China’s one-child self-destruction

A real piece of work: back in the day, that’s what we’d have called my friend Nicholas Eberstadt. By his own confession, Nick left Harvard a convinced Maoist — only to find, during his early graduate work at the London School of Economics, that he couldn’t out-argue British development economist Peter Bauer. So unlike others who will remain nameless, Nick figured out that being left does mean having to say you’re sorry (and wrong), when the evidence overwhelmingly points in a different direction. So he abandoned the intellectual fever swamps of “Marxist analysis,” got very serious indeed, and has earned a well-deserved reputation as one of the world’s most creative students of demography.

And one of the bravest. For in September, Dr. Eberstadt became possibly the first man ever to criticize China’s One-Child Policy in China, before an audience consisting of Chinese government officials and a predominantly Chinese World Economic Forum audience.

Eberstadt first noted the human-potential costs of the One-Child Policy. Reminding his audience that perhaps the most familiar face of China in America today is Houston Rockets center Yao Ming (an only child, and the son of two basketball stars), Eberstadt asked his hosts: “Without a One-Child Policy, how many other stars might the Yao family have produced?….That particular possibility has been lost — and we will never know how much further potential for China has been lost, thanks to involuntary birth control.”

The One-Child Policy’s proponents argue that China has experienced enormous economic growth under One-Child. That’s true, Eberstadt conceded; but “development” is more than economics. Consider the many parents who might have wanted more than one child and yet were compelled to “forswear the children they wished to have.” For those parents, economic growth is a poor substitute for their hearts’ deeper longings. Or, as Eberstadt put it, economic growth that doesn’t “meet the most basic of human needs and desires is low quality growth.”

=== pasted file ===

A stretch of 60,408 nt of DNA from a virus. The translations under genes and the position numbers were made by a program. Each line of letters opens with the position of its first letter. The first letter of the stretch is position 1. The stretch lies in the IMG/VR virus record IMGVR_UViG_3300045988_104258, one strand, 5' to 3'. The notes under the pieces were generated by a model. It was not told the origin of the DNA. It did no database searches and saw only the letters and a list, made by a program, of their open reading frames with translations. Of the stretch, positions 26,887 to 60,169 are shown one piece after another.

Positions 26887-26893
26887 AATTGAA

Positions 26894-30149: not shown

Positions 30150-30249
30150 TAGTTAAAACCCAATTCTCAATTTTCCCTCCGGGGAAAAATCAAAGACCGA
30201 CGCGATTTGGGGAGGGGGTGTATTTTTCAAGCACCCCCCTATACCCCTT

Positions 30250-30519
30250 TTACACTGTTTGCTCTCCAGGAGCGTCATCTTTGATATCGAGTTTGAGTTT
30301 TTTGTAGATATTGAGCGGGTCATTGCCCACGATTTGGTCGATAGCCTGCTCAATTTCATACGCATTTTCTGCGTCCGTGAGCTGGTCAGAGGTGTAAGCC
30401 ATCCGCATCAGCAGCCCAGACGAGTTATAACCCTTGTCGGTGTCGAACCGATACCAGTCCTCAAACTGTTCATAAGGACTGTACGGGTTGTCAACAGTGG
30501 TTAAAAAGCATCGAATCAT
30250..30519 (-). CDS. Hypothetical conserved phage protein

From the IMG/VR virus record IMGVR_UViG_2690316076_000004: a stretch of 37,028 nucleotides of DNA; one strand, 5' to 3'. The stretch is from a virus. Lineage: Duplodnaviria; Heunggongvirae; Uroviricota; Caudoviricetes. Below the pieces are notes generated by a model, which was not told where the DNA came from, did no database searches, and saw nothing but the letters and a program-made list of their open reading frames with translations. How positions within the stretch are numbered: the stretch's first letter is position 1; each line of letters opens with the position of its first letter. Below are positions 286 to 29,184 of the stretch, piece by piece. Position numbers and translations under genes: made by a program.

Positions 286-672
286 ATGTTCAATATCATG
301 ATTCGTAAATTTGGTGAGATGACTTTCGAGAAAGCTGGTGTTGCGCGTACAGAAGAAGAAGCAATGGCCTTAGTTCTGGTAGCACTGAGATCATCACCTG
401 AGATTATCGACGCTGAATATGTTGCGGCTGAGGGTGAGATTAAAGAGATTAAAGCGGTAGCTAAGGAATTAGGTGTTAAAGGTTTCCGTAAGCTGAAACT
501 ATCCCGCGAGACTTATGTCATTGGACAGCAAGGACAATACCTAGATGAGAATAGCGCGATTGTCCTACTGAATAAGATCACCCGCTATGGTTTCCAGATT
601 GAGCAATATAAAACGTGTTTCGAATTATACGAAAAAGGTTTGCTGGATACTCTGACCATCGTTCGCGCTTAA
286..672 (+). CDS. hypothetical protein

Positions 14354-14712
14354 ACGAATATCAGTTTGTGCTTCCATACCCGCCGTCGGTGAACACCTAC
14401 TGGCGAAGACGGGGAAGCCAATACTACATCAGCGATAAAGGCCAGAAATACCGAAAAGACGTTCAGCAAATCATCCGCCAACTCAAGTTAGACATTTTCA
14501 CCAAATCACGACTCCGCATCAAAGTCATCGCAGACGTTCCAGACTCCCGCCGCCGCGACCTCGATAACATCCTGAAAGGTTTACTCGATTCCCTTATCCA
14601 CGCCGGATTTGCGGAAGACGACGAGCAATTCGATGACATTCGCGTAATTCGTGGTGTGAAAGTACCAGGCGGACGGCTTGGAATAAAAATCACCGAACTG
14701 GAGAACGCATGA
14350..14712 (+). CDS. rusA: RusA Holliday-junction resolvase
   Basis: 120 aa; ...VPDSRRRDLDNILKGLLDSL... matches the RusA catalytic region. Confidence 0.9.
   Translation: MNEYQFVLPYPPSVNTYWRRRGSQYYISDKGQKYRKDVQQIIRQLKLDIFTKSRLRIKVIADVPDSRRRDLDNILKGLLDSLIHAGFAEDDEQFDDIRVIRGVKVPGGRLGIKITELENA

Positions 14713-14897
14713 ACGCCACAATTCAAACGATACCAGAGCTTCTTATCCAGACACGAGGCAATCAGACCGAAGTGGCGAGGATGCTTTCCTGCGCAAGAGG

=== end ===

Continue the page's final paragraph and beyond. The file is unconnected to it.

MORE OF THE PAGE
Then there are the about-to-come-due economic fiscal costs of the One-Child Policy. Thanks to fifteen years of below-replacement-level birth rates, China’s working age population is about to start declining — and will continue to decline “more or less indefinitely.” How will an increasingly over-50 population maintain the economic dynamism that the rest of the world has come to expect from China? Moreover, because of the One-Child Policy and its skewing effects on the overall Chinese population, “China’s age profile will be ‘graying’ in the decades ahead at a pace almost never before seen in human history.” Today, China is young; by 2030, China will be “grayer” than the United States.

In twenty years, on current trends, the “normal” Chinese family will be “4-2-1:” four grandparents, two parents, one grandchild.” “Brother,” “sister,” “aunt,” “uncle,” and “cousin” will be abstract terms. What will this do to a society in which family bonds are a crucial component of social capital? And what about the demographic ramifications of sex-selection abortions under the One-Child Policy? That odious practice has created a situation in which, twenty years out, there will tens of millions of unmarried Chinese young men with no marriage prospects — because the wives they might have married were aborted. That’s a vast human and social problem. It’s also a huge international security problem, for that many unmarriageable young men means, historically, an army of marauders.